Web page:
Junior footballer should get heart screening, says Irish League boss whose coronary condition forced him to quit playing at 22
A football manager has spoken about living with a heart condition that forced him to stop playing and urged the sport's authorities on both sides of the border to invest money in screening youngsters at grassroots level.
Stephen McDonnell became interim boss of Danske Bank Premiership club Warrenpoint Town last week. He took over after Matthew Tipton left to take charge of Portadown.
It was a surprise appointment to many involved in Irish League football, not least because the Dundalk man is only 25 and now one of the youngest managers in Europe.
The rookie is determined to succeed and feels he has the character to do so having previously dealt with bigger issues - such as being told he could suffer a cardiac arrest on a pitch if he continued playing.
McDonnell's health problem first came to light when he was a teenager signed up by Celtic.
He was the last of Tommy Burns' Academy recruits before the Parkhead legend sadly passed away in 2008.
At his Celtic medical, the heart condition was spotted, but not deemed serious enough to cause concern.
After returning home to play for Dundalk, further screenings suggested the issue was not going away. Then, at the age of 22, McDonnell's life changed.
"From 19 to 22 I had been going to Dublin for screenings twice a year and then it became three times in nine months," recalled the Warrenpoint manager. "Then I was diagnosed with a condition called hypertrophic cardiomyopathy.
"That diagnosis meant I was putting myself at risk, asking my heart to go through the workload of a footballer on a daily basis. I was advised on medical grounds that it would be best to stop playing because I could have a cardiac arrest on the pitch.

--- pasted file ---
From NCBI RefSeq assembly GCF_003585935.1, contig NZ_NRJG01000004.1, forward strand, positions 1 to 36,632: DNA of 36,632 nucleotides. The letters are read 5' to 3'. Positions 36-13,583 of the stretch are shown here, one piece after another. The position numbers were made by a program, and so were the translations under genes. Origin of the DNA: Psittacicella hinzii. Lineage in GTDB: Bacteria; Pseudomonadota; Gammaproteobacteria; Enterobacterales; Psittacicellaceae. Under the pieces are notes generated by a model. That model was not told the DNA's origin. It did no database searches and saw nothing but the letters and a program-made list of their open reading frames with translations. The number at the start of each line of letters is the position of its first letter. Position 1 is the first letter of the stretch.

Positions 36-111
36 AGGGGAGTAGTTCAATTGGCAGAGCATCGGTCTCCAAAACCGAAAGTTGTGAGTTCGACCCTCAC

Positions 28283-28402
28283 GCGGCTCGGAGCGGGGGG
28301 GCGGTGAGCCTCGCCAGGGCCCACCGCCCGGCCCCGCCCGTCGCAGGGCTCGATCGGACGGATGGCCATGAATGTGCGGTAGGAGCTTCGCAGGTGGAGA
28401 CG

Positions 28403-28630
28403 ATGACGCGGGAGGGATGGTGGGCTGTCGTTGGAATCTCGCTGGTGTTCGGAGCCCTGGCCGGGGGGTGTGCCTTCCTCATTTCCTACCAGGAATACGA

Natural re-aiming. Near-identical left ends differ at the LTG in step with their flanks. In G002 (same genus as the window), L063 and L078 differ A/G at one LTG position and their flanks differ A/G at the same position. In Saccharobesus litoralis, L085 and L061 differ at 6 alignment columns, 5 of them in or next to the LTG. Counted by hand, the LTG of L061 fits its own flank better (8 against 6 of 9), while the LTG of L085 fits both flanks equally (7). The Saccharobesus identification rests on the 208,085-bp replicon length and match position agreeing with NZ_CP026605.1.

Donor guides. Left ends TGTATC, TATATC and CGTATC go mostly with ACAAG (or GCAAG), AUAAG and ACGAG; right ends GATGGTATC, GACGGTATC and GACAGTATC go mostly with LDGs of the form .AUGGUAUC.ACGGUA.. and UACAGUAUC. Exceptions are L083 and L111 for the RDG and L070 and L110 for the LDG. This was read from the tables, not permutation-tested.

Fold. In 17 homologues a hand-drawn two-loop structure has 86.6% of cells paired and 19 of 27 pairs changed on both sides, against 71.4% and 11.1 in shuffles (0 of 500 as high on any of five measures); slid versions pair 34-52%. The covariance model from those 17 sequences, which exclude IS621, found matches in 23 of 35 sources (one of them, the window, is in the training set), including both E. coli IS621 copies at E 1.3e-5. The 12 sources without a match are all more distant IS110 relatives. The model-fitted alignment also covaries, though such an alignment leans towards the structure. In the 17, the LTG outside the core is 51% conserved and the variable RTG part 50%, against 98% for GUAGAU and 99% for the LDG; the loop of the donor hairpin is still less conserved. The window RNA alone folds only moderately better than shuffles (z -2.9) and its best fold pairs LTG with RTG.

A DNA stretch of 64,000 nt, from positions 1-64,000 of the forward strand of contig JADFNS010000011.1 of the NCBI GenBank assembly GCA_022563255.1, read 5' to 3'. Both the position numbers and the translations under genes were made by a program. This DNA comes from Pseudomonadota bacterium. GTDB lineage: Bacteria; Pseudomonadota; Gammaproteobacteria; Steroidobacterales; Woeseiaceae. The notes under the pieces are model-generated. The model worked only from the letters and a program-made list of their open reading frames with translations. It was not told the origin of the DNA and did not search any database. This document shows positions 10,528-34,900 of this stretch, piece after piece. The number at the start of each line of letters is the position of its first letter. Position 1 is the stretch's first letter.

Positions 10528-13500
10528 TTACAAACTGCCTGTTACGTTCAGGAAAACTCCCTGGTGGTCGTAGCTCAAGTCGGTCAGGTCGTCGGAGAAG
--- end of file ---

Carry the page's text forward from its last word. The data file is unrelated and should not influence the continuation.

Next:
"My family and I took the information onboard and I made the call that that was it. I wasn't going to put myself or my family though that situation. I put health ahead of everything.
"When you sit down and digest news like that it can make you fearful, but a lot of things can do that if you let them control your mind.
"I was 22. Football was my life and I wasn't going to close the door on it because I had received bad news about a heart condition, so I got into coaching and decided to give it a real go.
"I still go to the gym, I walk every day and I coach every night. It's just I'm not asking my heart to go through different types of football training and playing." Eighteen months ago, McDonnell had an operation to have an implantable cardioverter-defibrillator (ICD) fitted.
He pointed out though, that he considers himself fortunate and has asked sporting bodies to take responsibility for a problem that is ever growing with increased numbers of teenage footballers across Europe, including Ireland, dying through heart problems.
"I always feel very sad when that happens," added McDonnell, who said that his biggest football influences include Celtic icon Burns and former Derry City boss Stephen Kenny, now manager of Dundalk.
"I consider myself to be one of the lucky ones. There are many people out there who have never been screened and don't know there is anything wrong with them.
"Heart issues for sports stars are increasing. It is something governing bodies like the IFA or FAI need to look into more.
"Elite players at top level are getting screened, but what about kids playing junior football?
"I think it should be addressed, not just in football but in every sport. A lot of it is bypassed and I'd like to see the IFA and FAI pump money into grassroot levels where youngsters could be screened for any heart issues.
"I know at Warrenpoint we are looking at getting experts in to show everyone how to use defibrillators and how to do CPR."
On the subject of being a such a young manager, McDonnell, promoted from within the coaching ranks at Warrenpoint, said: "It has probably come ahead of time, but I'm delighted and ready for the challenge.
"I'm young, hungry and fresh and hope to bring something different to Warrenpoint. The club has put a lot of faith in me and I feel exciting times are ahead.
"I will work extremely hard to make the job a success."